A Golden Mistake

The B61 life extension program gets a gold medal for setting records as the most expensive nuclear warhead in U.S. history. It also gets another ignominious recognition – costing more than its weight in solid gold.

The B61 bombs are the oldest bombs in the operational arsenal – first deployed in the 1960s. The Life Extension Program is intended to update and overhaul the warheads to keep them in the arsenal for decades to come, allowing the B61 to continue serving as the last remaining tactical nuclear warhead in the arsenal. The bombs remain deployed in Europe, despite broad recognition that they have no military utility.

Unfortunately, the life extension program (LEP) for the B-61 nuclear bomb is now projected to cost $10 billion. When we first heard that, some quipped that the bomb must be gold-plated. It's not. That would be too cheap.

B61 bombs weigh approximately 700 pounds each. At the prices near historic highs of $1,619 per ounce, 700 pounds in solid gold is worth only $16.5 million. [Updated]

How does the B-61 LEP measure up?

Each of the estimated 400 B61-12 nuclear bombs will now cost approximately $28 million, according to Hans Kristensen at the Federation of American Scientists (a Ploughshares Fund grantee).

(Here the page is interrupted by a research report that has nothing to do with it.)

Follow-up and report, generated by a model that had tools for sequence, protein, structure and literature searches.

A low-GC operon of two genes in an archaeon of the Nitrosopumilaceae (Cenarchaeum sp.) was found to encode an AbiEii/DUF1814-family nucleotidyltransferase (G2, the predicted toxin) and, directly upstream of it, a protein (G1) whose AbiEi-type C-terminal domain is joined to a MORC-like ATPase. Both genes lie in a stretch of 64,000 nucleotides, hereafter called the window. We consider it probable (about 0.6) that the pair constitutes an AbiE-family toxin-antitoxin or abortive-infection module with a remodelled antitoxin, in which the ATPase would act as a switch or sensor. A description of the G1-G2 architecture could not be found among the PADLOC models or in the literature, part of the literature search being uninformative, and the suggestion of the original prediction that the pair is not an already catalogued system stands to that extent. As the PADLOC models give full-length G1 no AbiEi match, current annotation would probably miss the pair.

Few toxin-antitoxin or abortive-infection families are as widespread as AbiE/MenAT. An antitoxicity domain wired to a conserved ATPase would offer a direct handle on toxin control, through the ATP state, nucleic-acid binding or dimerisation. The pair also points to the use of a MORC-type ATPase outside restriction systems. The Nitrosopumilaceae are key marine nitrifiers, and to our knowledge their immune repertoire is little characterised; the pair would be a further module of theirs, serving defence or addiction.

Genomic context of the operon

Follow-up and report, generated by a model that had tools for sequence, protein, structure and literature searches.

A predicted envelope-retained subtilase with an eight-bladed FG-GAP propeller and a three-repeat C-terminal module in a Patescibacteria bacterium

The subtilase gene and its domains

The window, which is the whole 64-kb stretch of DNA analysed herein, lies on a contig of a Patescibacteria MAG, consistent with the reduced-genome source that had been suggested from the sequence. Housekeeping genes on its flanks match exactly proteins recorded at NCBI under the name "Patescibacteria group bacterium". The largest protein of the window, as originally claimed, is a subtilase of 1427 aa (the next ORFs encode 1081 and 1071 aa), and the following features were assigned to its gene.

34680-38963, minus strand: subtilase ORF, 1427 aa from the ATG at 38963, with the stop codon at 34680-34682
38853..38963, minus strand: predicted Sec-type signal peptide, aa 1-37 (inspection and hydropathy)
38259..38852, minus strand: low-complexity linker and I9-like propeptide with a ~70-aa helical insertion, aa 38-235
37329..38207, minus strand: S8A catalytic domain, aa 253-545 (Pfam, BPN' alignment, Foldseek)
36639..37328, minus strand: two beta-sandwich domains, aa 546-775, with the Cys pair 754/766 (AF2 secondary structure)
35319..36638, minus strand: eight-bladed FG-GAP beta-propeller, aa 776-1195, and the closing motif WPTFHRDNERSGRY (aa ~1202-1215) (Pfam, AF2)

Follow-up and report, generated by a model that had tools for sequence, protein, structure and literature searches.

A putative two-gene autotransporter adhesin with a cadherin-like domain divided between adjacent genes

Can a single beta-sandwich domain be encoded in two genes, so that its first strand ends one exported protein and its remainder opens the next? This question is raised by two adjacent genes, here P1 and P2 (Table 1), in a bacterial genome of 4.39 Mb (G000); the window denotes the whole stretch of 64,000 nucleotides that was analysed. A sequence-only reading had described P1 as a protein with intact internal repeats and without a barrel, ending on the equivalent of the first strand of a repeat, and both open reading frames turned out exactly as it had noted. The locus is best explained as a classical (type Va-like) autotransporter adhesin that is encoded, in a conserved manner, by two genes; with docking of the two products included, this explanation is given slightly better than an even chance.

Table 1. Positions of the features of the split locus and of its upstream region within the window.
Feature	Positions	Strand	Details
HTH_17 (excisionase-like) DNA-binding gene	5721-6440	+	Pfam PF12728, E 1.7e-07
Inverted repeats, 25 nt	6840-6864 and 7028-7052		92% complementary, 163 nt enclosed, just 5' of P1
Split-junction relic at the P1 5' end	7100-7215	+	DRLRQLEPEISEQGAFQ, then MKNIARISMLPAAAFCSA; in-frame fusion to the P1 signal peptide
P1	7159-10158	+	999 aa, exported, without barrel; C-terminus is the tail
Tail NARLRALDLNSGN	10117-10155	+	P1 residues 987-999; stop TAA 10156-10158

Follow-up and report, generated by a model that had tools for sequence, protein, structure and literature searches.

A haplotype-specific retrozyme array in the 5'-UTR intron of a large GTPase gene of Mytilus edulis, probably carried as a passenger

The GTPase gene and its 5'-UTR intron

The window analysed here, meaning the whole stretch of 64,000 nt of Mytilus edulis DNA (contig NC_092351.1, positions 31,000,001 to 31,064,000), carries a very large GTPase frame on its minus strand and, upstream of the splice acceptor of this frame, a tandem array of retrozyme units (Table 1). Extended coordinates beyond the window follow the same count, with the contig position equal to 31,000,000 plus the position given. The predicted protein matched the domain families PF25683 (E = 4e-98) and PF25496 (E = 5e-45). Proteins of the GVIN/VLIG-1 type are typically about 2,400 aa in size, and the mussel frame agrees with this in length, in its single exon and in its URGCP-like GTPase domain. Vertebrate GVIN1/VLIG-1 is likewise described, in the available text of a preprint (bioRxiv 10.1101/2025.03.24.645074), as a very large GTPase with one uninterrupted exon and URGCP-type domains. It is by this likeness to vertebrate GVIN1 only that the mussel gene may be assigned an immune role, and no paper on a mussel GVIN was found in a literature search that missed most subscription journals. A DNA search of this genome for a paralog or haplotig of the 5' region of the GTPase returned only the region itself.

That is 1.5 times its weight in solid gold.

Let's put that in perspective. Each of the gold medals handed out at the London Olympic Games contains a minimum of 6 grams of gold. 700 pounds of gold is enough for 52,919 gold medals. That's five times the total number of Olympic athletes in London.

For a bomb that has no place in a 21st century military strategy, $10 billion might be too much to pay. Instead of extending the B61's life, wouldn't it make more sense to let it finish its golden years in the dismantlement queue?

Update: Aug. 1, 2012

An astute reader pointed out that the B61-12 will actually cost $11.5 million more than its weight in gold. I underestimated it at $10 million more in the original blog.

I made the mistake of calculating gold costs in imperial ounces, where gold is actually traded in troy ounces. Correcting my conversion error shows that 700 lbs. of solid gold is actually worth $16.5 million at the time of the original post.

Special thanks to our reading for correcting me. This is a friendly reminder that, despite much progress reducing the number of nuclear weapons in the world, there has been much greater progress eradicating the imperial measurement system.